The judgment of the trial court is reversed, and the cause remanded, with directions to sustain the demurrer and dismiss the proceedings.
KANE, C. J., and TURNER, J., concur. RUSSELL, J., dissents.
CONCUR: RIDDLE, J.
I concur in the general conclusion reached by a majority of the court, but am unable to concur in the reasoning advanced relating to the inapplicability of sections 3382, 3383, and 3384 of the Revised Laws of 1910, and section 1, art. 24, of the Constitution. In my judgment said sections, supra, apply with the same force to section 1, art. 24, of the Constitution that they do to articles 5 and 18. The main reason assigned by the court why said sections do not apply to section 1, art. 24, of the Constitution is that the title to said act is limited to articles 5 and 18, and makes no reference to article 24. Considering that article 24 deals with the amendments to the Constitution by initiation of propositions in the Legislature, it would appear that although the title to the act, by express terms, undertook to limit the act to article 5 of he Constitution, yet such title is broad enough to cover the body of the act, and in my opinion the context applies with equal force to article 24. It is a well-settled principle that the context of an act must govern, irrespective of the title, except where the Legislature wholly fails to comply with constitutional provisions in not providing a title covering the subject-matter under consideration; but it must be admitted that the title to the act in question is sufficiently broad to meet the constitutional requirements in this respect. It is only when the meaning of the body of the act is doubtful that reference may be had to the title to remove the ambiguity, or to supply an omission. It is a well-settled principle of law that, if the body of the act is free from ambiguity, the meaning expressed must be given effect, without resort to the title. In 36 Cyc. p. 1134, the rule is laid down as follows:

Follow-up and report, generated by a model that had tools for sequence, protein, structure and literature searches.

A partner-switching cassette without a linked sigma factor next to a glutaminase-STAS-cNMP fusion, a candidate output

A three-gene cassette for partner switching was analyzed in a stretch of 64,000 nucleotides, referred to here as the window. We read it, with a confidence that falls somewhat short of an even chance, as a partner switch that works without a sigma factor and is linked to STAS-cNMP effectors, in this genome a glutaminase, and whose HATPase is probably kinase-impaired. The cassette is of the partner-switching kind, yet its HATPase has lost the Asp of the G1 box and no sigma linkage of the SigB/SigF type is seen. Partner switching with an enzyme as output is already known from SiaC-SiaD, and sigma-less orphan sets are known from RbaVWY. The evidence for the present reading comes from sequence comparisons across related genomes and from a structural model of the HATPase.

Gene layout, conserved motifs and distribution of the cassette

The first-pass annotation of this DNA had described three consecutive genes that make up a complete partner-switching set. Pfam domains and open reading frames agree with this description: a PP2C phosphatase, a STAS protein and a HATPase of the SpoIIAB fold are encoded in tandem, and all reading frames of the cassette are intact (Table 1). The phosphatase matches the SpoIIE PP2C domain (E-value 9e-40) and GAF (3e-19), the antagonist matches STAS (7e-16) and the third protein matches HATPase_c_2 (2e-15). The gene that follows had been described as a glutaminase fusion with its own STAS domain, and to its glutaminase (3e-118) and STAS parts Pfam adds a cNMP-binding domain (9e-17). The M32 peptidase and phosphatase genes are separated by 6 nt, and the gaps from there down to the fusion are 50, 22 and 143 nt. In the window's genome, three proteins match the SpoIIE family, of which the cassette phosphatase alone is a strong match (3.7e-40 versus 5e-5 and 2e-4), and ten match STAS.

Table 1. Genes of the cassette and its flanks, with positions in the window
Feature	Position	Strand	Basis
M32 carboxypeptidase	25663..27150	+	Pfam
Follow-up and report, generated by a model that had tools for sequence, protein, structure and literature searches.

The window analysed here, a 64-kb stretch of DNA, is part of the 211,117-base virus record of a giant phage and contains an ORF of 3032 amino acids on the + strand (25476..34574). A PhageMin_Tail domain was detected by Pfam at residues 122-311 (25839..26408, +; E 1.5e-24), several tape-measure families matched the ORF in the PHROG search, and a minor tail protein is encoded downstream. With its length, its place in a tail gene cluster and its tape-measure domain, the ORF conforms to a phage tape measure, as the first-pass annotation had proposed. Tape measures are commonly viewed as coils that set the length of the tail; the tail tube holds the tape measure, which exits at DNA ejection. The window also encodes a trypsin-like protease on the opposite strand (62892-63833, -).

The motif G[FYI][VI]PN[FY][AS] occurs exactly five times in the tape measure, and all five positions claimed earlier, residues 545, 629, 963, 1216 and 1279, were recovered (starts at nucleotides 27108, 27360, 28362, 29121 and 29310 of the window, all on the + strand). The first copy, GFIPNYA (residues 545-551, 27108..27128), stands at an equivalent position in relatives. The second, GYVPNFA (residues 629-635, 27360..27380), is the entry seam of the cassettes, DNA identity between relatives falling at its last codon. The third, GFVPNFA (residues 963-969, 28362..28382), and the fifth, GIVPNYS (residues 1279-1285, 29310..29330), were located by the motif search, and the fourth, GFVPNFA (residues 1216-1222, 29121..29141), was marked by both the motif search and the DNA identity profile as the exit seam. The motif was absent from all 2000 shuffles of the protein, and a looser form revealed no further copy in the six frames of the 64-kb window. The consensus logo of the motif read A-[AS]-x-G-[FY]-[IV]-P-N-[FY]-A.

"Ordinarily, where the body of a statute is free from ambiguity, the meaning expressed therein must be given effect, without resort to the title, and in no event should the language of the title be permitted to control expressions in the enacting clause in conflict therewith,"--citing a long list of cases, among which are Cornell v. Coyne, 192 U.S. 418, 24 S. Ct. 383, 48 L. Ed. 504; Patterson v. The Eudora, 190 U.S. 169, 23 S. Ct. 821, 47 L. Ed. 1002; Territory v. Hopkins, 9 Okla. 133, 59 P. 976.
This court, in one or two cases, has held in effect that said act applies to article 24, as well as to the other articles referred to in the opinion of a majority of the court. In the case of Trapp, Auditor, v. Wells Fargo Exp. Co., 22 Okla. 377, 97 P. 1003, Justice Williams, delivering the opinion of the court, said: